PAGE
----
The Dreaded B-word
If the mere mention of the word “budget” makes you groan, maybe you haven’t given this old idea a fair shake.
Trying to get through life without a budget is like trying to drive a car with no steering wheel. You can lurch your way along, jamming on the breaks every time a threat looms, or you can put the pedal to the metal, but the whole time you’re careening down the road you’ll be worrying about what you’re going to hit. And if you’ve got any passengers, there’ll be some mess to clean up when you finally reach your destination.
Anyone that I know who lives on a budget couldn’t get by without it. And it seems it’s only the people who refuse to make a plan who end up bellying aching about getting to the end of the money before they get to the end of the month.
If you were building a house, you wouldn’t dream of using an architect who declared, “Relax. I’ve done this before. I promise I’ll put everything in the right place.” Noooo. You’d insist on seeing some drawings. And here’s why you should, as the architect of your financial house, draw up a budget.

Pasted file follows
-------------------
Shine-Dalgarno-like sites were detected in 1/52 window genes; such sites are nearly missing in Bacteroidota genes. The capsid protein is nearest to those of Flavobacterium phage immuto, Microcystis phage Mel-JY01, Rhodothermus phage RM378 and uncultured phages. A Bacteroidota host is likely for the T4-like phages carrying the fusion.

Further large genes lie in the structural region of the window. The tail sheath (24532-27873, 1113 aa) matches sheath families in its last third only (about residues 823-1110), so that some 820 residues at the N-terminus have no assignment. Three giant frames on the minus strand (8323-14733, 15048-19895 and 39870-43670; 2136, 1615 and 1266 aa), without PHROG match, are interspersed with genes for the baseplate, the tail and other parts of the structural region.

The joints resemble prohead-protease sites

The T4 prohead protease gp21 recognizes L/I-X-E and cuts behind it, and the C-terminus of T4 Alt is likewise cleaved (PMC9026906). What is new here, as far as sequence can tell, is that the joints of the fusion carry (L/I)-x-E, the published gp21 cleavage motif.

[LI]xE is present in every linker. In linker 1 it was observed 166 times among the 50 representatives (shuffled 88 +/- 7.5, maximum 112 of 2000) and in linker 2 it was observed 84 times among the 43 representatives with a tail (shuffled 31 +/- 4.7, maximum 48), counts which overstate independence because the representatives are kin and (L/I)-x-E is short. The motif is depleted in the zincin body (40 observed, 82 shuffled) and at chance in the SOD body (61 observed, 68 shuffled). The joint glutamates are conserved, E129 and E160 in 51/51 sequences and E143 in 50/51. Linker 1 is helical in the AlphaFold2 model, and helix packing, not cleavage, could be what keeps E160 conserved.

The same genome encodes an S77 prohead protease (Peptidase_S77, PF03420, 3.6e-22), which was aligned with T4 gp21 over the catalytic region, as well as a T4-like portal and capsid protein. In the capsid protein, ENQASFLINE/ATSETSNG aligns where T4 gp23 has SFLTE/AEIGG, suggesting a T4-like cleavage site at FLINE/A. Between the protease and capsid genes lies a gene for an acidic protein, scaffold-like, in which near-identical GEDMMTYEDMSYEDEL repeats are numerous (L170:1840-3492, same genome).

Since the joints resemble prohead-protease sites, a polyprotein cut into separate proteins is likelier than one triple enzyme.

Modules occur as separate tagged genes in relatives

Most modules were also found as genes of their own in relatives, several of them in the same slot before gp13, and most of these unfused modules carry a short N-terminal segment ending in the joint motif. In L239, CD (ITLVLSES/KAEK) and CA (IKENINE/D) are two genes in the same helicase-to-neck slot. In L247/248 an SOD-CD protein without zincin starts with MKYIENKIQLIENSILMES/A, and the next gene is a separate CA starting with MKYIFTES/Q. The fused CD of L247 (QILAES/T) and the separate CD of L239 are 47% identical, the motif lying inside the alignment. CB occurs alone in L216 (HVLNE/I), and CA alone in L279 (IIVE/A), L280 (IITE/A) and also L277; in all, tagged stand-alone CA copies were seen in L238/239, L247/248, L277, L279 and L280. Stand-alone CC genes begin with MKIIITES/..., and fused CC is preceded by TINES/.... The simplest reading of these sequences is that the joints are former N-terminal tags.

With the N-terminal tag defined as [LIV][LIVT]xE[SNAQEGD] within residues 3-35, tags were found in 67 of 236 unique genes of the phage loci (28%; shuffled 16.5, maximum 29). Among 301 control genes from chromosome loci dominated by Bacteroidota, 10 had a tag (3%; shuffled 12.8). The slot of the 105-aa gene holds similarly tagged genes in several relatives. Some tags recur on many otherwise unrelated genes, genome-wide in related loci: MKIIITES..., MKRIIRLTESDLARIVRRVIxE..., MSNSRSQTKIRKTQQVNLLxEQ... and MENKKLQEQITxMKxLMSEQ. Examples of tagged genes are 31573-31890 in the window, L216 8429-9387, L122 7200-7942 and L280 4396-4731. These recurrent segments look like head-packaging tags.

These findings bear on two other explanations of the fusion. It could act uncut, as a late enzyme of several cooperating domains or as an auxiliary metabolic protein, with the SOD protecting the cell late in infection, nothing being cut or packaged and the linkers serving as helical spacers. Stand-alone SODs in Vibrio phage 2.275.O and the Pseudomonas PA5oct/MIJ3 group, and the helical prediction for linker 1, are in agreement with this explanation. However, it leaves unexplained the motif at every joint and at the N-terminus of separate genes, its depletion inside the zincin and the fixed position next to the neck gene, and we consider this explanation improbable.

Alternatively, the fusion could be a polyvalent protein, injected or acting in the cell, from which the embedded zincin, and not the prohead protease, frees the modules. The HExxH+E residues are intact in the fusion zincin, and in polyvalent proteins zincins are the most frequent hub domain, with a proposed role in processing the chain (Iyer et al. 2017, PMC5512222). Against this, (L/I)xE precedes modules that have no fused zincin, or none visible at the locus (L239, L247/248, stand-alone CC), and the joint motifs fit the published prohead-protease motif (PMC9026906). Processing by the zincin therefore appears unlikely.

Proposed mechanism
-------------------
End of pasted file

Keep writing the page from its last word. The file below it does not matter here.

Whether paper-based or electronic, the discipline of managing your budget will help to keep you organized. Annual bills, like car insurance, won’t surprise you, sending shock waves through your cash flow. And unexpected expenses, which have a category in a spending plan, won’t throw you for a loop.
A spending plan is made up of two parts: income and expenses. Income is the money that comes in: your salary, commission, dividends or interest income, alimony, child support, pension, or disability income. It doesn’t include money you think you might get. So, if your bonus is not guaranteed, don't include it in your budget. Keep it in reserve to boost your RRSP or take you to the sunshine next winter.
Expenses are the items you have to pay for monthly. (Divide annual bills, such as insurance, by 12 to come up with a monthly amount.)
The best way to figure out your expenses is to look at what you've been spending. Collect your bank statements, credit card bills, and whatever other records you have of where your money went over the past year. Put each bill in an appropriate category — i.e., utilities, food, clothing, childcare, gifts — total the figures for each category and divide by 12. That's your monthly average. Add the categories together. That's what you’ve been spending.
Now, for all you toads out there who can’t gather together two months’ worth of paperwork, never mind a year’s worth, here’s the other way to make a budget: You can use the nifty Gail’s Guide to Building a Budget along with the even niftier Gail’s Interactive Budget Worksheet.
If you think you can keep flying by the seat of your pants forever, good luck with that.
If you’ve decided to take control of your financial future, congratulations. Create a budget that balances and you’ve taken the first step to making your money work for you.